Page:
Cite This Article
    EID Yokoe DS, Noskin GA, Cunningham SM, Zuccotti G, Plaskett T, Fraser VJ, et al. Enhanced Identification of Postoperative Infections among Inpatients. Emerg Infect Dis. 2004;10(11):1924-1930. https://dx.doi.org/10.3201/eid1011.040572
    AMA Yokoe DS, Noskin GA, Cunningham SM, et al. Enhanced Identification of Postoperative Infections among Inpatients. Emerging Infectious Diseases. 2004;10(11):1924-1930. doi:10.3201/eid1011.040572.
    APA Yokoe, D. S., Noskin, G. A., Cunningham, S. M., Zuccotti, G., Plaskett, T., Fraser, V. J....Platt, R. (2004). Enhanced Identification of Postoperative Infections among Inpatients. Emerging Infectious Diseases, 10(11), 1924-1930. https://dx.doi.org/10.3201/eid1011.040572.
  • Enhanced Identification of Postoperative Infections among Outpatients PDF Version [PDF - 132 KB - 7 pages]
    A. L. Miner et al.
    View Summary

    Claims data complement other data sources for identification of surgical site infections following breast surgery and cesarean section.

        View Abstract

    We investigated using administrative claims data to identify surgical site infections (SSI) after breast surgery and cesarean section. Postoperative diagnosis codes, procedure codes, and pharmacy information were automatically scanned and used to identify claims suggestive of SSI ("indicators") among 426 (22%) of 1,943 breast procedures and 474 (10%) of 4,859 cesarean sections. For 104 breast procedures with indicators explained in available medical records, SSI were confirmed for 37%, and some infection criteria were present for another 27%. Among 204 cesarean sections, SSI were confirmed for 40%, and some criteria were met for 27%. The extrapolated infection rates of 2.8% for breast procedures and 3.1% for cesarean section were similar to those reported by the National Nosocomial Infection Surveillance program but differ in representing predominantly outpatient infections. Claims data may complement other data sources for identification of surgical site infections following breast surgery and cesarean section.

        Cite This Article
    EID Miner AL, Sands KE, Yokoe DS, Freedman J, Thompson K, Livingston JM, et al. Enhanced Identification of Postoperative Infections among Outpatients. Emerg Infect Dis. 2004;10(11):1931-1937. https://dx.doi.org/10.3201/eid1011.040784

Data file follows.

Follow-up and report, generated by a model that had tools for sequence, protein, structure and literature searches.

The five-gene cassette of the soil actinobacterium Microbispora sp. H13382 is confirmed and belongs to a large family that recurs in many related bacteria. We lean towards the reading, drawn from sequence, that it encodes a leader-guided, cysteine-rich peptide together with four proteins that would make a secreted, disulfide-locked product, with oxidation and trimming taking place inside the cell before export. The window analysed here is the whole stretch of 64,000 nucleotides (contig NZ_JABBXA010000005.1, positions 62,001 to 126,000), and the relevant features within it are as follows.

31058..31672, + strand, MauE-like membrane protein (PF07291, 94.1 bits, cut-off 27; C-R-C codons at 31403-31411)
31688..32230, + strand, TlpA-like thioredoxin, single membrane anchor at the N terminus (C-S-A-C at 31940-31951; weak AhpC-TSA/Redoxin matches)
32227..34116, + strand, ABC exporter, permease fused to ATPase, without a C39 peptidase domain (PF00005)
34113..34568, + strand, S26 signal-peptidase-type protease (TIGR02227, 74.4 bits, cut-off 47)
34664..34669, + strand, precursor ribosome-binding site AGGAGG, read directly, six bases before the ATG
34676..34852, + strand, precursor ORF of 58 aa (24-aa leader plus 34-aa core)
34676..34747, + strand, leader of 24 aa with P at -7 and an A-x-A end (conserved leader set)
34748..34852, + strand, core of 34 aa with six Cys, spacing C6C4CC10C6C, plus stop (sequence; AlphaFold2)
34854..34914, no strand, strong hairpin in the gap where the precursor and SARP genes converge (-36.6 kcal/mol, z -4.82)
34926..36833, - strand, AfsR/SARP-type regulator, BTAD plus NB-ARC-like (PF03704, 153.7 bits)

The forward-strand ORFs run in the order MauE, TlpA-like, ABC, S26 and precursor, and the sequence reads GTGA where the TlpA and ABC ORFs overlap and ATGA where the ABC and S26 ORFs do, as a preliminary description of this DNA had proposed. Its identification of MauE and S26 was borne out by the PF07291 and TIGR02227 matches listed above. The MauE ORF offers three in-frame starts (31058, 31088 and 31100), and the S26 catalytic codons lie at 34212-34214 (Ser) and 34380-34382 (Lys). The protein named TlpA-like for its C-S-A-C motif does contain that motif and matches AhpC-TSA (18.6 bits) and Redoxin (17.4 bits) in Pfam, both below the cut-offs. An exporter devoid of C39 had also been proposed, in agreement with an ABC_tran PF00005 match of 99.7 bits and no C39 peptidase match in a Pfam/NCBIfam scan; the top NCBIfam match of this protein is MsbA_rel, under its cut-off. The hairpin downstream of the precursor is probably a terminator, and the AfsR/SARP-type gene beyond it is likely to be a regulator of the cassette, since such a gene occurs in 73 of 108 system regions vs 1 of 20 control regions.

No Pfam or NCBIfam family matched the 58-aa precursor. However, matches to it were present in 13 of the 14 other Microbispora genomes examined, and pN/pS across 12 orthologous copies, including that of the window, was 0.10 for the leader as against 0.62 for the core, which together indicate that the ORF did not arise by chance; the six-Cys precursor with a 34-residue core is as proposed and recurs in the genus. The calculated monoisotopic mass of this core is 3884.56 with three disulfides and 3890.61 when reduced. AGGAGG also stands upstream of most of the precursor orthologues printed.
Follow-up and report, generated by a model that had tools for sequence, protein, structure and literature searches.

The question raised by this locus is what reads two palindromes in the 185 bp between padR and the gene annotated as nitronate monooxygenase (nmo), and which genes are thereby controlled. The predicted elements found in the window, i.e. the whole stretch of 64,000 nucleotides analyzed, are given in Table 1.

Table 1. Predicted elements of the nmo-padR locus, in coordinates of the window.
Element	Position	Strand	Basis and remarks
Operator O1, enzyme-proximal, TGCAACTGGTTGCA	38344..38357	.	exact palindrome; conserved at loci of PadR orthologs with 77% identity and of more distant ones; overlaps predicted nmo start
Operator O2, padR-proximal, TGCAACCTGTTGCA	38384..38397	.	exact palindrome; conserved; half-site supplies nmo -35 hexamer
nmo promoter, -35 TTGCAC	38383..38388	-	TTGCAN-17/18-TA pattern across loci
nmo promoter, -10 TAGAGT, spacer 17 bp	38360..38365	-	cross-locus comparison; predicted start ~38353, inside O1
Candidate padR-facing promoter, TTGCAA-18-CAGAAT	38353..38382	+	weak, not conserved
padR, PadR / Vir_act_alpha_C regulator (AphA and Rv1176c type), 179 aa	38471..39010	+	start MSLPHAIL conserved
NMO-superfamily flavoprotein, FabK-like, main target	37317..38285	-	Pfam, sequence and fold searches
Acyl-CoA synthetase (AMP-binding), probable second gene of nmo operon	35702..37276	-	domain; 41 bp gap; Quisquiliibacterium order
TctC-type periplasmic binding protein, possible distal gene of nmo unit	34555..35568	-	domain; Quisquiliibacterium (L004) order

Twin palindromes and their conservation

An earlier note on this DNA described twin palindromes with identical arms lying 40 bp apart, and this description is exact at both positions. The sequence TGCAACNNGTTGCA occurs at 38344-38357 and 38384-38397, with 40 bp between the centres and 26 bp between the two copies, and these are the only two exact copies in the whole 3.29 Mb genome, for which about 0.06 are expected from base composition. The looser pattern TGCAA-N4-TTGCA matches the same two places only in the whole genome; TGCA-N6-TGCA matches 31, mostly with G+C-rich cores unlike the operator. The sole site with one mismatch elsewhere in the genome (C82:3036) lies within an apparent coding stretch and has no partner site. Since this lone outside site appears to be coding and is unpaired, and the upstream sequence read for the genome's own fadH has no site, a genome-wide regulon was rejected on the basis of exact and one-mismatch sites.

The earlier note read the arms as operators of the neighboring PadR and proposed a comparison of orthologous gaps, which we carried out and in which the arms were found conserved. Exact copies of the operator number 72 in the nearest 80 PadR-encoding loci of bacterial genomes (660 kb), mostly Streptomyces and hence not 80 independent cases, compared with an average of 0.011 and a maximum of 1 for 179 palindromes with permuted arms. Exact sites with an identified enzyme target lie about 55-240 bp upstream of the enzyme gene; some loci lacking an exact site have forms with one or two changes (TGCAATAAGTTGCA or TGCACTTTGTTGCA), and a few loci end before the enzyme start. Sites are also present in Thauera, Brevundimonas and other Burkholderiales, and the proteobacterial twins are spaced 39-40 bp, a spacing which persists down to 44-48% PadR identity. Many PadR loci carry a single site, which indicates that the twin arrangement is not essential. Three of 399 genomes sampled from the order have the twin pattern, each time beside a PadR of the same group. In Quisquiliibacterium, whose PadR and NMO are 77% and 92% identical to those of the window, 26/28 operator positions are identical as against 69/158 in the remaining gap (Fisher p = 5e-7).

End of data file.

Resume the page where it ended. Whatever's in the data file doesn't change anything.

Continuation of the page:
AMA Miner AL, Sands KE, Yokoe DS, et al. Enhanced Identification of Postoperative Infections among Outpatients. Emerging Infectious Diseases. 2004;10(11):1931-1937. doi:10.3201/eid1011.040784.
    APA Miner, A. L., Sands, K. E., Yokoe, D. S., Freedman, J., Thompson, K., Livingston, J. M....Platt, R. (2004). Enhanced Identification of Postoperative Infections among Outpatients. Emerging Infectious Diseases, 10(11), 1931-1937. https://dx.doi.org/10.3201/eid1011.040784.
  • Histopathologic Improvement with Lymphedema Management, Léogâne, Haiti PDF Version [PDF - 381 KB - 9 pages]
    S. F. Wilson et al.
        View Abstract

    In countries where bancroftian filariasis is endemic, lymphedema of the leg is a public health problem, particularly for women, who are disproportionately affected. We investigated the effect of basic lymphedema management (hygiene, skin care, and lower limb movement and elevation) on the histologic features of lymphedema. A total of 118 skin-punch biopsies were collected from the legs of 91 patients enrolled in a lymphedema treatment clinic in Léogâne, Haiti. Follow-up biopsies were collected from 27 patients ≈12 months later. Keratinocyte hyperproliferation, condensed dermal collagen, and mononuclear perivascular infiltrate increased with lymphedema stage, which suggested progressive chronic inflammation and fibrosis. Follow-up biopsies showed reductions in perivascular mononuclear infiltrate in the superficial dermis (41% decrease in prevalence), perivascular fibrosis in the deep dermis (58% decrease), and periadnexal mononuclear infiltrate (53% decrease). These data suggest that the clinical improvement commonly observed with basic lymphedema management has a histologic basis.